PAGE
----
“It all happened so fast, and I was terrified. I just felt the seat drop back and he was on top of me pulling up my dress and literally ripping off my panty. I tried to fight him off and he cuffed and slapped me. Eventually, I gave up and he just forced himself inside me, calling me the nastiest of names.
"I closed my eyes until he was finished. I thought death was next, but he opened the door and shoved me out of the car and sped off. I wanted to die. Many times I still want to.”
She reported the attack to the police, but he was never found, and she never saw him again.
But even though he was gone, he was still everywhere.
“I saw his eyes in every man who looked at me after that, whether or not they were interested in me. Felt his touch in every man who accidentally brushed against me.”
Even today, the dread and lack of trust that comes from being sexually violated is still there.
“It took my husband a long time to even get me to go out with him in a group setting, more so alone.
"He had even more of a challenge when it was time for us to have sex. He was so patient, and he understands that during sexual intercourse he has to always be gentle and that I have to always feel like I’m in control. I am grateful for him and that he is so understanding, which has helped me make significant headway in getting off the ‘all men are dangerous’ wagon.”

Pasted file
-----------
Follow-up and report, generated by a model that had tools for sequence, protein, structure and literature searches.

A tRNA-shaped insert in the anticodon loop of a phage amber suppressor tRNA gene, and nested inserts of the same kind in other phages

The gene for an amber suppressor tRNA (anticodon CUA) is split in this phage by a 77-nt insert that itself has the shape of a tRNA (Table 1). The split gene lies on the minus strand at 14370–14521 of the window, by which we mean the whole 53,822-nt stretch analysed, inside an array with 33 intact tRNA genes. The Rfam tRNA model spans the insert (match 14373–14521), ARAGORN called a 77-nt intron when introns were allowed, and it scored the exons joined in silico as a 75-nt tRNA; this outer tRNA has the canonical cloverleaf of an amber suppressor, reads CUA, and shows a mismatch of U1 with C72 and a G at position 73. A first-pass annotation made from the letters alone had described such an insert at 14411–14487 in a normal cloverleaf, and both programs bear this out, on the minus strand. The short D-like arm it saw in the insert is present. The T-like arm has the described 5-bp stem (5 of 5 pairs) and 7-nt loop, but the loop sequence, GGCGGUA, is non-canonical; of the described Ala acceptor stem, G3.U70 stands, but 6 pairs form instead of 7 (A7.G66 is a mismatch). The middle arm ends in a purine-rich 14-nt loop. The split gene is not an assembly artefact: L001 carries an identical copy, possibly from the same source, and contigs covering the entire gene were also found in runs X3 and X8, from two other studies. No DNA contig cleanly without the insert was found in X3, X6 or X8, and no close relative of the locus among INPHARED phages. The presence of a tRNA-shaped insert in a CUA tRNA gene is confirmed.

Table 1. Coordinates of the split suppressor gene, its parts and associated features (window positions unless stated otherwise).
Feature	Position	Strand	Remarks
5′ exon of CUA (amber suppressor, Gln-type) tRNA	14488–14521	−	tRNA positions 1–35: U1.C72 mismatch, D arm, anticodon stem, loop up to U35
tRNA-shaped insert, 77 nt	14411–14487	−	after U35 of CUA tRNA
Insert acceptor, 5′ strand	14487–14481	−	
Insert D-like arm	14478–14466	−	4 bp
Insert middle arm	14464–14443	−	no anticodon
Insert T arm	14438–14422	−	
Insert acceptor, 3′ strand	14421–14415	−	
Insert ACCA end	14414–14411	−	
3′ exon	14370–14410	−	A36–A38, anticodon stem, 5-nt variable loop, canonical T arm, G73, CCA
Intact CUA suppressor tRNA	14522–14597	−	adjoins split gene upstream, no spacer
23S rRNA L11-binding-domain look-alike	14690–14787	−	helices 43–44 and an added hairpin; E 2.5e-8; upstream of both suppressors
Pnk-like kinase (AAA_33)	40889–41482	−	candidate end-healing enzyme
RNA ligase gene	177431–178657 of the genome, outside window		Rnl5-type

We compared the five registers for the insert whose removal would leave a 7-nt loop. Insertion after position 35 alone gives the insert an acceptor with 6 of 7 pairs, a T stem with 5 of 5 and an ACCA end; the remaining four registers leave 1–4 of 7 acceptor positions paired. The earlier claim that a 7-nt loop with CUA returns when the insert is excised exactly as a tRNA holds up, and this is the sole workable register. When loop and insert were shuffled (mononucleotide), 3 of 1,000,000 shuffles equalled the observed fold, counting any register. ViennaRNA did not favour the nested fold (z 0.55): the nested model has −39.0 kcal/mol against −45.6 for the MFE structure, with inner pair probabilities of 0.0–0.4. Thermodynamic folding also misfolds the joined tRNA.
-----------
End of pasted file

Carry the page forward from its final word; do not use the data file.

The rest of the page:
Dianne said it is unfortunate that she had allowed the man who forced himself on her also to make her to change her mind about one of the most important decisions in life – having children.
“I’ve always wanted children, but after I was raped I couldn’t bring myself to want to bring children into this terrible world.
"My husband has two children from a previous relationship and said he wouldn’t mind if we didn’t have any together, so it made the decision a little bit easier.” She smiled briefly.
“If I had children of my own, I know I would always be fearful for them to the point of paranoia, daughters or sons. Yes, sons too. Look what happened to Akiel Chambers and Sean Luke: innocent little boys who never got the opportunity to experience being teenagers, young adults and manhood.”
The recent kidnapping and murder of 23-year-old Bharatt sparked a series of protests and vigils throughout TT. Dianne applauds the action but believes it took way too long for people to take collective public action against gender-based violence.
“This has been going on way before I became a victim. Maybe if we had stood up like this before, more of our girls and women would have been spared these brutal experiences, more families would have been spared the unbearable grief, and I would have had to ask, ‘Why is she dead and I am still alive?’ fewer times.”
For Dianne, Khan said some more therapy might be helpful, along with some proactive steps.
“Be kind to yourself. Even with professional help the effects of trauma do not always get to a 'zero state' (where the effects of the trauma never go away)."
She said it would have been useful if there were more support groups in TT, as opening up to someone who has had a similar experience helps a great deal.
But the situation has improved. Now, she pointed out, "You don’t even have to leave your home to attend, because support groups can be done virtually.”
It’s uncomfortable but normal…But if it is affecting your daily functioning, get some help, allow yourself to grieve again if you need to, do something positive, forgive yourself.”